The Submarine Menace

From The Arthur Conan Doyle Encyclopedia

The Submarine Menace is a letter written by Arthur Conan Doyle first published in The Daily Chronicle on 2 may 1917.

The Submarine Menace

Sir, — While it is dangerous to raise false hopes, we must not lose sight entirely of certain factors which should be weighed before we judge the exact menace conveyed by the recent figures of mercantile sinkings.

At the best it is certainly bad enough, but we need not take it for worse than it is. If the number of victims had increased by some gradual progression we should have more cause for alarm, but the fact that they have exactly doubled in one week, and that the fights with submarines should rise from 13 to 26 in the same week, proves clearly, I think, that twice the number of raiders were at work. Since they could not have doubled their fleet so suddenly this can only mean that their relay squadron is out working with the one which in ordinary course it would relieve.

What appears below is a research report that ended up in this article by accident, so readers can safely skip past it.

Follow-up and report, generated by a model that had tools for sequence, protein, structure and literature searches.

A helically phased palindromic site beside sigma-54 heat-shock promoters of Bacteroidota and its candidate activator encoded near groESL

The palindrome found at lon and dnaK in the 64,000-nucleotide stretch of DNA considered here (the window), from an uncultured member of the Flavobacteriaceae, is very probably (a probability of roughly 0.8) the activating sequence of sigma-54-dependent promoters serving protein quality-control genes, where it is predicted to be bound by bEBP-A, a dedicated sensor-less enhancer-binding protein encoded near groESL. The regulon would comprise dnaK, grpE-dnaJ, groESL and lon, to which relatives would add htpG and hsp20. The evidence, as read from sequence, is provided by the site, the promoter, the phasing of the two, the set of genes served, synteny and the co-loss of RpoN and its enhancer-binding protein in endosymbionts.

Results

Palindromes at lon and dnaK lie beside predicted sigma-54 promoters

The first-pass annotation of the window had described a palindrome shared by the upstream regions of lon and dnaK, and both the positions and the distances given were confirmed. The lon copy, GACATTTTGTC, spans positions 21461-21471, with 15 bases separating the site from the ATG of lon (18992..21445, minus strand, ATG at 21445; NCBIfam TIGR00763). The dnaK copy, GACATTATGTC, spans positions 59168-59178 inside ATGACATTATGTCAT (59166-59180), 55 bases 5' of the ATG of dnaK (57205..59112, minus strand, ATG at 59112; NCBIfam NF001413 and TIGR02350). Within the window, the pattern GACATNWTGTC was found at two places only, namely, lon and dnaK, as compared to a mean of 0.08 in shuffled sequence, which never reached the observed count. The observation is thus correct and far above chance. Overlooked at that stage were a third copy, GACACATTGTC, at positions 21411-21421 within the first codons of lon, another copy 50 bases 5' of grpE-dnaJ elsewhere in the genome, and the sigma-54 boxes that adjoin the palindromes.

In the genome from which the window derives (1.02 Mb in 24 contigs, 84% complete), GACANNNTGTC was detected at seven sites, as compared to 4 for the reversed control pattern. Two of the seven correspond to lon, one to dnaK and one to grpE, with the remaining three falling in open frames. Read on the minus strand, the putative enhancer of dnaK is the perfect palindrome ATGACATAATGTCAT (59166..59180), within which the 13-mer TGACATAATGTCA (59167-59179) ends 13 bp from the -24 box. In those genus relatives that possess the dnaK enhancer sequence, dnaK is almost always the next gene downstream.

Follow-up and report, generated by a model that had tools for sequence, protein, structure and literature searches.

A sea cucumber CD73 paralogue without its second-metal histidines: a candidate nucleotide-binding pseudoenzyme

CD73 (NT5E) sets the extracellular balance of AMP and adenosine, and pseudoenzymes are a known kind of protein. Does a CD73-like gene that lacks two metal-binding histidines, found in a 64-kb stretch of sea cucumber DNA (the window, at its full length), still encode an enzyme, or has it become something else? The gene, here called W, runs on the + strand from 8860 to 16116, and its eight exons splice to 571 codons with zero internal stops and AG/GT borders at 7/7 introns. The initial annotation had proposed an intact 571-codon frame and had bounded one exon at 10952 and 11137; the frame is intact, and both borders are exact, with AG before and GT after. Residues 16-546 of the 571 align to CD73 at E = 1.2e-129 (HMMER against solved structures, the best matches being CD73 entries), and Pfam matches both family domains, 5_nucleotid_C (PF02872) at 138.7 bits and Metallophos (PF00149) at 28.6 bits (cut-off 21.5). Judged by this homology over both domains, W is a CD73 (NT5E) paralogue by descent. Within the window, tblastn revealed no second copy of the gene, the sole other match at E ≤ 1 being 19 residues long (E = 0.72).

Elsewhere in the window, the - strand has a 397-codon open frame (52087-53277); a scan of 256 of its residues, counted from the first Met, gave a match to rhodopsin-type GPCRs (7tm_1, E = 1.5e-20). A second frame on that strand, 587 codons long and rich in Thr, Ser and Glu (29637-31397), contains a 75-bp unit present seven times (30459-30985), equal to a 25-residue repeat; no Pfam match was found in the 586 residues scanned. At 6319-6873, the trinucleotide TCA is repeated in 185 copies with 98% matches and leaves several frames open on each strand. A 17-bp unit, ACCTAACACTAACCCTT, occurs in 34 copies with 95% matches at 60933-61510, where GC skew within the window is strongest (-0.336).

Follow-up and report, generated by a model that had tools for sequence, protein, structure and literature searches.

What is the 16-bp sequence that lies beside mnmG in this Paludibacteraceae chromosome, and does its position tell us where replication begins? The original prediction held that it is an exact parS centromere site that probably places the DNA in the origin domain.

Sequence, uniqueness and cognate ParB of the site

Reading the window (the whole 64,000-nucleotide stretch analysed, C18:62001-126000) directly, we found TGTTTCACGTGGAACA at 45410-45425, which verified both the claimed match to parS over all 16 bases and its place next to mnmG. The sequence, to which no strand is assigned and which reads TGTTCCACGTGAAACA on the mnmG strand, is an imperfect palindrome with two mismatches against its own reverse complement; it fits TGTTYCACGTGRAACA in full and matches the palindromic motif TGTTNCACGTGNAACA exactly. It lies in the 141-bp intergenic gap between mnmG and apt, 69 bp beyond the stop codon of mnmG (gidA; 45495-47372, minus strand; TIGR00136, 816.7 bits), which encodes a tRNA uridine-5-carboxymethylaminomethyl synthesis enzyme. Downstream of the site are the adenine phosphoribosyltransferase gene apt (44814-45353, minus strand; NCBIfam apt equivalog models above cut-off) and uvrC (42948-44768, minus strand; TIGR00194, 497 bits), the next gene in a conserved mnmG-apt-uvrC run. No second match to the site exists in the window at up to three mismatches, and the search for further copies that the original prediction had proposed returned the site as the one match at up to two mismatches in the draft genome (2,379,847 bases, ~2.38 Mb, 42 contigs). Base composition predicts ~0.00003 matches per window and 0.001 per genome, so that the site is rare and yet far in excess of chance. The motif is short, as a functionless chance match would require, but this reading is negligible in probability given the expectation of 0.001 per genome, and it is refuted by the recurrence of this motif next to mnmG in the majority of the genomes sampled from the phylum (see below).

The object of getting present results at the expense of future ones is, of course, to make a good showing before May 1, and so persuade their dupes that the end of the war is at hand. If my supposition is correct the high figures should soon be succeeded by abnormally low ones, which would restore the average.

It seems to me that nothing could be more encouraging for the Germans than the tone of some of our public men.

Windlesham, Crowborough, Sussex, April 29, 1917.